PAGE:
A couple of things to follow up with - St. Paul to the Ephesians 4:26 says "be angry, but do not sin". The Catechism talks in 1767-1770 about how anger is a PASSION, and how the passions are neither good outright nor evil outright, it depends on how they are directed and what they are directed at. So justice and charity REQUIRE that I be angry about a priest committing a crime against a child, and, hopefully even more obvious, if I knew about, my anger should direct me to intervene in accordance with the law. Both Saint Paul and the Catechism make it CRYSTAL clear that anger towards evil and injustice is necessary and virtuous and required. Every Catholic word, including "anger" has lots of nuance.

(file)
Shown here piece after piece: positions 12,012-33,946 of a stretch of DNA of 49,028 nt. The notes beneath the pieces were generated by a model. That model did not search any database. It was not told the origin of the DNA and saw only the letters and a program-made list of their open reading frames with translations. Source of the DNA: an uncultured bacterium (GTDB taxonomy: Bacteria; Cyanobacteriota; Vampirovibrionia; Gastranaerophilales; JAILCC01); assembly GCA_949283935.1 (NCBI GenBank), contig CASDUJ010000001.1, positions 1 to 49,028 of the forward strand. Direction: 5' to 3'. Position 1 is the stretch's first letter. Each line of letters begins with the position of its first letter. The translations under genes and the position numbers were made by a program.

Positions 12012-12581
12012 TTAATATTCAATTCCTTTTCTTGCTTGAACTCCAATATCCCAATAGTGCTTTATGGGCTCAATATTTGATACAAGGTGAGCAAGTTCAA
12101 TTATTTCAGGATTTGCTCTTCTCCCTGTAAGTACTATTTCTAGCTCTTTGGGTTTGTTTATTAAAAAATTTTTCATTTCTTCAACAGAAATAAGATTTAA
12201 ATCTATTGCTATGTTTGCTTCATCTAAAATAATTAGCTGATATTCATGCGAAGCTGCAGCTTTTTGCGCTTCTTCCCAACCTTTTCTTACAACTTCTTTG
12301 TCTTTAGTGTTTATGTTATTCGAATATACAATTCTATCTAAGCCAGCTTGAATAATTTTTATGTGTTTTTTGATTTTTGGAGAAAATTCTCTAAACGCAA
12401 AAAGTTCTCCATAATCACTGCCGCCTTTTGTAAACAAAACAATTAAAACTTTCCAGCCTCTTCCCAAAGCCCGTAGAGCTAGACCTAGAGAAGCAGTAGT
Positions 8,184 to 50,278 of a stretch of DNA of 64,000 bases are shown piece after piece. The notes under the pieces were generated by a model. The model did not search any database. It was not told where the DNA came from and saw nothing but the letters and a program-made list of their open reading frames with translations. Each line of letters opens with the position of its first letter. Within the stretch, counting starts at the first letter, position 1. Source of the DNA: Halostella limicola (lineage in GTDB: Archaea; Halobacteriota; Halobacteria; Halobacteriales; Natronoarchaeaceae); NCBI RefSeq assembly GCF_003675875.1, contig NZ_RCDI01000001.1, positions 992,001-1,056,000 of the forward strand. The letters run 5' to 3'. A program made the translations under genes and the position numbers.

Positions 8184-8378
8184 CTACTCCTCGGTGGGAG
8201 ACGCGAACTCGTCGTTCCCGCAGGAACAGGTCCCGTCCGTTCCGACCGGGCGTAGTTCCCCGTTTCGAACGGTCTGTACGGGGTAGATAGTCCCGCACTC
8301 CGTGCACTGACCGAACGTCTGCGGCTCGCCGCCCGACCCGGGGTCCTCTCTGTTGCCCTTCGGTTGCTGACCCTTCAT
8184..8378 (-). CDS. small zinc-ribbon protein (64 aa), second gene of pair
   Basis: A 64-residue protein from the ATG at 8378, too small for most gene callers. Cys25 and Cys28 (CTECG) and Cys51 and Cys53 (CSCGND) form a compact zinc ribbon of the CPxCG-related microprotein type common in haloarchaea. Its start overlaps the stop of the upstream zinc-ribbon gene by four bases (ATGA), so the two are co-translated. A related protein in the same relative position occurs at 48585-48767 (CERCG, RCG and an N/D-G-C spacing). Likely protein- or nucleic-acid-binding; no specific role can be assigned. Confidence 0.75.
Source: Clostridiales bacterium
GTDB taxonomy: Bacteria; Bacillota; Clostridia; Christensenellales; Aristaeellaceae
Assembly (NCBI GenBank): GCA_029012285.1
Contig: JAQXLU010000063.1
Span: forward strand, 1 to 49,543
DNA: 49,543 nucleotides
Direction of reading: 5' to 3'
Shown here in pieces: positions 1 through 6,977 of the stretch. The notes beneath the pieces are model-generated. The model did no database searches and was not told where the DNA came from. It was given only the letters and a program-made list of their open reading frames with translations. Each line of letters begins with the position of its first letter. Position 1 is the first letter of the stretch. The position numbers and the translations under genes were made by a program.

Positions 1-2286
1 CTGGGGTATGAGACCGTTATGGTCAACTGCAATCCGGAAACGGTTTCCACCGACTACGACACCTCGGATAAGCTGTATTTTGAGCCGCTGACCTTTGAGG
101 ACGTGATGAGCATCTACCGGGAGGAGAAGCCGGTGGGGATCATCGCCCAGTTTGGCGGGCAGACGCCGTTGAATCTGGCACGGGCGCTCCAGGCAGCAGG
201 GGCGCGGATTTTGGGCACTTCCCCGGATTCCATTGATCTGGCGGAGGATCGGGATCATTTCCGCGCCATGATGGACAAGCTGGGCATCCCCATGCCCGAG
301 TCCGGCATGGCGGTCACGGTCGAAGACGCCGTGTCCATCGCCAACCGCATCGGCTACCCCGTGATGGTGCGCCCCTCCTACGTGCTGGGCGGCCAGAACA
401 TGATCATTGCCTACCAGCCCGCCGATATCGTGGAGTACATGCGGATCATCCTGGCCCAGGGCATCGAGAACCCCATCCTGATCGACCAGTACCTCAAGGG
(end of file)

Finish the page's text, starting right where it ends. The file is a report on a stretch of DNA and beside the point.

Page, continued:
Also, I found a helpful article from Jimmy Akin, and he points toward an encyclical from St. John Paul II called Dives Misericordia, where we read: "the requirement of forgiveness does not cancel out the objective requirements of justice...in no passage of the Gospel message does forgiveness mean indulgence toward evil, toward scandals, toward injury or insult. In any case, reparation for evil and scandal, compensation for injury, and satisfaction for insult are conditions for forgiveness"